The breaks kept coming and in 1958 Max made his television directorial debut with the adventure series White Hunter which starred Rhodes Reason as a big game hunter in Africa.
Some years previously he had worked as an assistant director on Devil Girl from Mars, a movie produced by the American brothers Harry Lee and Edward J Danziger who were prolific independent producers of feature films and television series in England during the 1950s and 1960s. Max would become reacquainted with them in 1958 when he directed their movie Moment of Indiscretion starring Ronald Howard.
He would go on to direct numerous Danziger Brothers feature films including A Woman Possessed with camera direction by Nicolas Roeg, the courtroom murder drama Links of Justice, Great Van Robbery, and The Child and the Killer which involved a psychopathic army deserter befriending a young boy. Other compelling Danziger movies which Max directed included Web of Suspicion in which a school teacher is accused of murdering a pupil, No Safety Ahead, Crash Drive in which a racing car driver is told that he will be crippled for life, Sentenced for Life, Top Floor Girl, and Return of a Stranger.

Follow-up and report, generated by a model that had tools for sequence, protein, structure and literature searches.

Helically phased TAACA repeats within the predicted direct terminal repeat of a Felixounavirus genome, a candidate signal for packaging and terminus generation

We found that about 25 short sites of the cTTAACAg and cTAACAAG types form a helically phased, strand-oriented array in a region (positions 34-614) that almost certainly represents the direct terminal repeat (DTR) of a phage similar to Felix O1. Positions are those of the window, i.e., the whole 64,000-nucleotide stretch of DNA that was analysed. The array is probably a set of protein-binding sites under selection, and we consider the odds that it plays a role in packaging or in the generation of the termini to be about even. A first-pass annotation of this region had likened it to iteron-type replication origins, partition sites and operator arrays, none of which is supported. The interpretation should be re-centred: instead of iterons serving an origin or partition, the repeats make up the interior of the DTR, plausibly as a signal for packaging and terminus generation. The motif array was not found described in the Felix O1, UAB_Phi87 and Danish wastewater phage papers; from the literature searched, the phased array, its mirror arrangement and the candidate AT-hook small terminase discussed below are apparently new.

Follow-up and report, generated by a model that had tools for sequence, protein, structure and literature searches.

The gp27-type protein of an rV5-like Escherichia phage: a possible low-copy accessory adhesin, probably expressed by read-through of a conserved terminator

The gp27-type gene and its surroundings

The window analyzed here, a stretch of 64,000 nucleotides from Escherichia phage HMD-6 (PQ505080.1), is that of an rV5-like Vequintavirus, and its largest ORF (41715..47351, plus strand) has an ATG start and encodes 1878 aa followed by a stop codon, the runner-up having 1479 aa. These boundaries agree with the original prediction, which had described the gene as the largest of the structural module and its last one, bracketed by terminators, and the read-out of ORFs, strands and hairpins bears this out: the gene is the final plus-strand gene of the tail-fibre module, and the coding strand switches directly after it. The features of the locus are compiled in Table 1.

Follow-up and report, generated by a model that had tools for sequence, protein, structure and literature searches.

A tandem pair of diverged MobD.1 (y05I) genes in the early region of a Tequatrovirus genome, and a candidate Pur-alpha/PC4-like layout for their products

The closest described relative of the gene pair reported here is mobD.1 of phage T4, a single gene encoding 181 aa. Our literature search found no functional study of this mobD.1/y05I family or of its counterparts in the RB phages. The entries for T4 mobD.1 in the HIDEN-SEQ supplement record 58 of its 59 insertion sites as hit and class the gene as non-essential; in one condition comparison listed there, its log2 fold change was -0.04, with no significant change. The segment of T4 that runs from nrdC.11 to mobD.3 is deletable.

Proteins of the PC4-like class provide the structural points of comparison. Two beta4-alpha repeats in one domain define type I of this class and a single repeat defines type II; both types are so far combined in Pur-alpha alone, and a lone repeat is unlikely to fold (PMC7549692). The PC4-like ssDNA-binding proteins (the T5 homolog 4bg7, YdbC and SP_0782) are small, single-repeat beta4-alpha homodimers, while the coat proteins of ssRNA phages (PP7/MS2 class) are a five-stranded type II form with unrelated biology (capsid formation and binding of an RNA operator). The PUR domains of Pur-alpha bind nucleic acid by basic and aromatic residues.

Max directed the comedy movie A Taste of Money starring Dick Emery, Fate Takes a Hand starring Noel Trevarthen and Ronald Howard, and the comedy Part-Time Wife. One of his most memorable Danziger Brothers movies was the wartime drama The Silent Invasion which involved an attack on a German garrison by the French Resistance.